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ClayKing wrote:Curious - Amazon lists the disc as blu-ray at that price, while the Flicker Alley link doesn't mention it. $39.95 msrp would seem mighty steep for a standard def disc.
sc1957 wrote:One problem that Flicker Alley has acknowledged is that they left the Melies narration off the Blu-ray disc (apparently the DVD has it). They say the problem will be corrected in the future, but they're still selling the current pressing, so buyer beware if that Blu-ray narration is important to you. No word yet on a replacement disc program..
fwtep wrote:I received my copy and I have to say, it's one of the nicest packages I've ever seen for a DVD or Blu-ray. The case is great, beautiful artwork and a good solid feel, the art on the discs is great, and the booklet is nicely done. Really, it blows away virtually all, if not actually all, of the special editions from much bigger studios.
The only downer is the score on the color version. To me it's awful; probably the worst accompaniment of any official silent release I've ever heard. (I'm sure it's not Flicker Alley's fault though, I'm sure it was a contractual requirement.) Whose idea was it??? Was it an attempt to make the film more palatable for younger viewers? Well, younger viewers won't watch it, much less buy it, and any that do would likely be "one of us" and would appreciate it more with an appropriate score. It's akin to thinking that colorizing Citizen Kane will make young people more likely to watch it. So the only effect it does have is to irritate its real audience.
Despite that, I'm VERY glad that Flicker Alley has made this available. And the documentary is well done and nice to have.
sc1957 wrote:Without wanting to get into an argument because I don't have a dog in this fight, I'll just say that there are people who are excited about this project BECAUSE it has a modern soundtrack by AIR. The "old favorite" composers that some people prize are just names to this newer generation.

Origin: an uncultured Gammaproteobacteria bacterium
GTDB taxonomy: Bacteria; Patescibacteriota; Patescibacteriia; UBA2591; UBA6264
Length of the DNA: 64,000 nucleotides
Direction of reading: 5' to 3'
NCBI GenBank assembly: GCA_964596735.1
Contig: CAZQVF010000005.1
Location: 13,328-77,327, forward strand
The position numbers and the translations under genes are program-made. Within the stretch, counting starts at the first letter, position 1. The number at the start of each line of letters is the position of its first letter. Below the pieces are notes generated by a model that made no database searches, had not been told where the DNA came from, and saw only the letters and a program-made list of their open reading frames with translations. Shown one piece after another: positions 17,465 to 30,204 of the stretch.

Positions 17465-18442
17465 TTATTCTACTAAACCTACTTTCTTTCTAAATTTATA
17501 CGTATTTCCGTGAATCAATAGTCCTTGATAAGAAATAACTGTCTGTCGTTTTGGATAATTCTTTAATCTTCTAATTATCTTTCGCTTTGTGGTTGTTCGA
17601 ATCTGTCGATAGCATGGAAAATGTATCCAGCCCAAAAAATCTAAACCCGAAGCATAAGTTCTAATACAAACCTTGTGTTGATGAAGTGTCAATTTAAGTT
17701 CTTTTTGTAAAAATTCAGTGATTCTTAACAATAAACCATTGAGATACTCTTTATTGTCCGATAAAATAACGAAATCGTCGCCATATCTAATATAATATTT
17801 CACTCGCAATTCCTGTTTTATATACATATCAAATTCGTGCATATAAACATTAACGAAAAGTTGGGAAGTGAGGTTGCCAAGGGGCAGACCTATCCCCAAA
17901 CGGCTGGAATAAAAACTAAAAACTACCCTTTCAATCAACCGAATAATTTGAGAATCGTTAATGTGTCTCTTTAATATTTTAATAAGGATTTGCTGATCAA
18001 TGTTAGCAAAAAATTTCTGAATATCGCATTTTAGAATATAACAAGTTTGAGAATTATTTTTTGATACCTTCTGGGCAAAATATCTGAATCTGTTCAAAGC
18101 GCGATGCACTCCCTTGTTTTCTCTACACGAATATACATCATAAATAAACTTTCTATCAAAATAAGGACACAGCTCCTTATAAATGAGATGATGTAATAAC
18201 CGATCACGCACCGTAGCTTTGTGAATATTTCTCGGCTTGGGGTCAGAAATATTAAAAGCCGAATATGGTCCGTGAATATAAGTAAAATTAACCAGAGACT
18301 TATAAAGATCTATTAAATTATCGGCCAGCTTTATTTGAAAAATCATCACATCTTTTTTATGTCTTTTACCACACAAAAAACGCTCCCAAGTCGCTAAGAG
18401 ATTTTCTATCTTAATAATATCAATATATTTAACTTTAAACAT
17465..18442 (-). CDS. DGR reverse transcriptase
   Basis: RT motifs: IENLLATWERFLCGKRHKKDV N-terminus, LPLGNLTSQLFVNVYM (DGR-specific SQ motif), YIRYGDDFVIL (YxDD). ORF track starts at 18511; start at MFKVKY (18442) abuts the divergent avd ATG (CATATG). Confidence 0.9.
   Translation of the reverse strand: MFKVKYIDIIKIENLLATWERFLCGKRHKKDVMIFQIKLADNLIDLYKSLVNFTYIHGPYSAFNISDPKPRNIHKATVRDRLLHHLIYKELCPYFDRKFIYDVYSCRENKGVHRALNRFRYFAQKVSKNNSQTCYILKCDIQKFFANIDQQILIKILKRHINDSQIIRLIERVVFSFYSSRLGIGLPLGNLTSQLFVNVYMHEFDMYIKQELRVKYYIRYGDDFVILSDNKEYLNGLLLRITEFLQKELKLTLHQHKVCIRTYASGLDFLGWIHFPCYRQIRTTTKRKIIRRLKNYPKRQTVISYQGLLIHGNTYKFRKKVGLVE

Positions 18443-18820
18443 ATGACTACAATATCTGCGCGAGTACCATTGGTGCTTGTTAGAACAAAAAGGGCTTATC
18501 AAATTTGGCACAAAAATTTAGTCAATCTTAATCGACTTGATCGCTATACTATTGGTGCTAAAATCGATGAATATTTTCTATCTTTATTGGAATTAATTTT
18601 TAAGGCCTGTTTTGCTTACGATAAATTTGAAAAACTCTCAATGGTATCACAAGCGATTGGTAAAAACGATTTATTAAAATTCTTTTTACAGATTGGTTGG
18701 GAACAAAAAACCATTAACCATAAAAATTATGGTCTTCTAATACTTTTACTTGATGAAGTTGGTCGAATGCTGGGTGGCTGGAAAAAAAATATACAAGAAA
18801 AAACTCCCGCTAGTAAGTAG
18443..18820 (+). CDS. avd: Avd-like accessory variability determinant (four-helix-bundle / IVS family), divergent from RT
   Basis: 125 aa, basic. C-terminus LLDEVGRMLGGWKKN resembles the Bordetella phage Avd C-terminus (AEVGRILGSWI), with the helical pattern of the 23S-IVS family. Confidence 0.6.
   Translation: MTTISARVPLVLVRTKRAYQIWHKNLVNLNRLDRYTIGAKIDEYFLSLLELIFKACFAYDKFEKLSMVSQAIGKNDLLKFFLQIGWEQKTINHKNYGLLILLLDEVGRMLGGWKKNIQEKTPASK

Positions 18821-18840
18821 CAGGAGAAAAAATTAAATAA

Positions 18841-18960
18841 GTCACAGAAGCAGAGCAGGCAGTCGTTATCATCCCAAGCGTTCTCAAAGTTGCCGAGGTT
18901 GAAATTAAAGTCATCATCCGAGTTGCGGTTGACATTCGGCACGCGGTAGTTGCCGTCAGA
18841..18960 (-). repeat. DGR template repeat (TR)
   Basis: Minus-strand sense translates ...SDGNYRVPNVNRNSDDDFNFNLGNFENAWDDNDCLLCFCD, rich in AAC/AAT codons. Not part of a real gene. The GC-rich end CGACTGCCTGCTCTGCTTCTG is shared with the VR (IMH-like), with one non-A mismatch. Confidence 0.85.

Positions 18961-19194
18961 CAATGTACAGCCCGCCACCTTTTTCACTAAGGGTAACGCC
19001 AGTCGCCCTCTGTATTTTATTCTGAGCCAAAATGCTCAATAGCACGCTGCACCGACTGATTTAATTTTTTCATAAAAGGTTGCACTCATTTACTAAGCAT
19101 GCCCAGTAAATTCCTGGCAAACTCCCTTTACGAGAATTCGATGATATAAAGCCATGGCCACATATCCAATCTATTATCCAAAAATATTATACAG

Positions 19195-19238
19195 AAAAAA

DShepFilm wrote:The AIR score as exclusive accompaniment is a contractual requirement imposed by agreement between AIR and the Foundations that paid a huge amount of money for this project that, not withstanding the short running time of the film, is probably the most complex film restoration ever undertaken. Some people may not like the music but others do, and it came about because the Foundations polled several leading current French film directors who recommended AIR. Certainly it is a matter of taste and there is no right and wrong.
DShepFilm wrote:In contrast to Bigshot's assertion, approximately 85% of the film is reproduced from the original hand colored print; the rest is filled in from the original (and marginally sharper) b&w original print from the Melies family, and computer colored. Sharp eyes can easily detect the difference between the two. I vass dere, Bigshot wasn't.
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